See for yourself

Postural therapy is so simple that even you can detect some of your own posture deviations if you know what to look for.

Step 1. Have someone take a picture of you standing up normally, preferably against a blank wall or background. If you are unable to do this, you can stand in front of a mirror.

Step 2. Compare what you see to the image below.

functional design posture

We are going to look for any deviations from the above “functional design posture”. The body is designed such that the load joints – the ankles, knees, hips, and shoulders – should all be stacked directly on top of one another with the head centered over the shoulders. Remember, when we deviate from that design, joints wear abnormally, and the body develops strains that it wasn’t made to handle. Thus we develop pain and become more prone to instability and injury.

Foot position:

In functional posture, the feet should be faced straight ahead, parallel to each other. Do one or both feet turn in or out? Is one turned more than the other? In addition, the ankles should be directly under the hip joint (look at the image above to see where this is). If your stance is wide, your body is trying to give you a false sense of balance by widening your base. If your feet are closer together, your base is unstable and unable to properly support the weight above it.

Knee position:

Do your ankles, knees and hip joints both form a straight, vertical line? The knees may be closer or farther apart than the ankles or hips, putting great strain on the knee joint, which is designed to act as a hinge moving forward and back.

Shoulder position:

We use the hands to spot shoulders that are rounded forward. In proper position, you should only really see the inside edge of the first (pointer) finger and thumb in your picture or reflection. If you can see the back of your hands and knuckles, this indicates that your shoulders are rounded forward. Does one shoulder appear higher than the other? Does one arm appear “longer” (hint: it’s not)?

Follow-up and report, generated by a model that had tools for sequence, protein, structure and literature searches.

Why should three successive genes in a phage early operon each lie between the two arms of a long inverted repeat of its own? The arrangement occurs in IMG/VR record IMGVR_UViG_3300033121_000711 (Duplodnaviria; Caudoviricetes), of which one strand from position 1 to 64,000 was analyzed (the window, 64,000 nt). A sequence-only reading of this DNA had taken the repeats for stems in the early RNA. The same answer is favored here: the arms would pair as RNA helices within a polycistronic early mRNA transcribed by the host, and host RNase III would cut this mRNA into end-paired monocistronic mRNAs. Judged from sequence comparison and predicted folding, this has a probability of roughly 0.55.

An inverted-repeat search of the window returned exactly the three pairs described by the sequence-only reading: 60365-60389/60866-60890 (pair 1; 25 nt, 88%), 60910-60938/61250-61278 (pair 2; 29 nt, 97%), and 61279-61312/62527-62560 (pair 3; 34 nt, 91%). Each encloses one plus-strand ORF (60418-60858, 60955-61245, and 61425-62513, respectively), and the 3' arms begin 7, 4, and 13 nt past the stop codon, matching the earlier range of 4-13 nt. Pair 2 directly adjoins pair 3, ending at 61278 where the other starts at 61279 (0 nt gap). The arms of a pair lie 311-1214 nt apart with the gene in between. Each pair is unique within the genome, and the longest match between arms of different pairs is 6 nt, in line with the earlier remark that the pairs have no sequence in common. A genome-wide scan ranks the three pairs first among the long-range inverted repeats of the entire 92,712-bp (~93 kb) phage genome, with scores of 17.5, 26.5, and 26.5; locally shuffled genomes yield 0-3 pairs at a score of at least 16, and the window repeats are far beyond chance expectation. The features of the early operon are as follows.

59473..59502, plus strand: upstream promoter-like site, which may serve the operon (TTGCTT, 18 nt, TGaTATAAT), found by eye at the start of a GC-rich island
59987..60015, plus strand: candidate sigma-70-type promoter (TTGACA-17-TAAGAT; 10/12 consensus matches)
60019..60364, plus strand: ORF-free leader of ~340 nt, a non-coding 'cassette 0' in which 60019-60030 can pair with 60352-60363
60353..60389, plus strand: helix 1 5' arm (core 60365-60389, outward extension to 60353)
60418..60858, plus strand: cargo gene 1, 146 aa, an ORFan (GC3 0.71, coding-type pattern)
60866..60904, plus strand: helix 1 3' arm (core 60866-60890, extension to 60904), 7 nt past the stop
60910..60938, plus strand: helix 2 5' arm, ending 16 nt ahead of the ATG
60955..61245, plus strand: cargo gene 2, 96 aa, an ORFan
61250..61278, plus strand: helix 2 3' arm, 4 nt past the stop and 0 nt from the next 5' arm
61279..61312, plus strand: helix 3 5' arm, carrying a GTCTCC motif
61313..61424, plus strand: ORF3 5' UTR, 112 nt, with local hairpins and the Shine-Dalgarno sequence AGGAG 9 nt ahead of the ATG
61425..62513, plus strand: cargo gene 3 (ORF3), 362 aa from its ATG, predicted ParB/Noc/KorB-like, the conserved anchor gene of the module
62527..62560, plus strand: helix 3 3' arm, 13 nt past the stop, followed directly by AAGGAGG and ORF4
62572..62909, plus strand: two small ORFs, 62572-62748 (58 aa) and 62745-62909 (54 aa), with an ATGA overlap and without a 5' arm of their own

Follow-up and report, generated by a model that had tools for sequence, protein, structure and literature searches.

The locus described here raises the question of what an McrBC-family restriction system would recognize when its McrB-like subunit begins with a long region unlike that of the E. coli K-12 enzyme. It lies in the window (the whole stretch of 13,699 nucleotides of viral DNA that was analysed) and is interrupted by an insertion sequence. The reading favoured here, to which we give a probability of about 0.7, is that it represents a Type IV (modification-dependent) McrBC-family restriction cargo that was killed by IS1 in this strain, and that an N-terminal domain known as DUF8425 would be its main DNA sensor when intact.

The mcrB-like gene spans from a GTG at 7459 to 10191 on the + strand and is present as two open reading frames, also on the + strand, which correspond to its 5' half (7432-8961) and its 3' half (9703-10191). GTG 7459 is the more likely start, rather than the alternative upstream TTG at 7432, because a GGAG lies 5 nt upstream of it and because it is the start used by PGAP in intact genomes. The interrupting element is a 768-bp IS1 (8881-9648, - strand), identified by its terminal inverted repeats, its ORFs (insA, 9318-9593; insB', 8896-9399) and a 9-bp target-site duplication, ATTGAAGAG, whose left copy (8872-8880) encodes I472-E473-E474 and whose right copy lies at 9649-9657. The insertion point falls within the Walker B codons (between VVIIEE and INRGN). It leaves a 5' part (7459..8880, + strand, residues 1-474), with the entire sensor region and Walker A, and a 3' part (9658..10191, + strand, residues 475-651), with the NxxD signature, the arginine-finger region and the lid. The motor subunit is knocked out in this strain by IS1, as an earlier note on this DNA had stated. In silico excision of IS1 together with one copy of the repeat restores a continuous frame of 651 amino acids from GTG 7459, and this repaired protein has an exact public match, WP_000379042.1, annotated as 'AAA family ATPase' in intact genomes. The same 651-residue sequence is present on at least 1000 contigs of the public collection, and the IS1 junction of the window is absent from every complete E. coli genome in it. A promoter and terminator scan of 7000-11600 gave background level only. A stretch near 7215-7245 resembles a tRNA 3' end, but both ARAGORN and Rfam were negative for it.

Differences Left to Right:

Imagine a line going from directly between your heels (not toes) straight up, perpendicular to the floor. This is your central line of balance. If you print the picture you had taken, you can even draw this line to give you a better reference. You can also put a vertical line of tape on your mirror and stand so that it lands right between your heels. Is your nose on this line, indicating that the head is centered? Does more of your body appear to be on one side of the line? Is there more “space” between your arm and your body on one side than the other? Are there any other differences you can spot between the left and right side of your body?

BONUS:

If you can get someone to take a picture of you from the side view, you can also see some common deviations from this angle. One of the most common is head forward positioning, and we use the ear to reference this. If you drew a line straight down from the ear, does it fall in front of the shoulder? How about in front of or behind the hip?

If you drew a line straight up from just in front of the ankle bone, as seen in the image above, are there any joints that don’t fall on that line? This can be harder to see, but if you notice anything that doesn’t line up, the second law of dynamic tension is being violated. In other words, the muscled on the front and back of your body that work to keep you upright are not doing their job, and other muscles are straining to maintain your balance.


These are just a few common deviations which compromise one’s ability to function without injury or pain. Even small deviations can cause major issues, especially if left unchecked. The good news is that you have the power to correct your own misalignments. Since the third law of form & function states that bones do what muscles tell them, we simply need to retrain the muscles. Once the strain misalignments cause is diminished, the body is able to heal and pain lessens.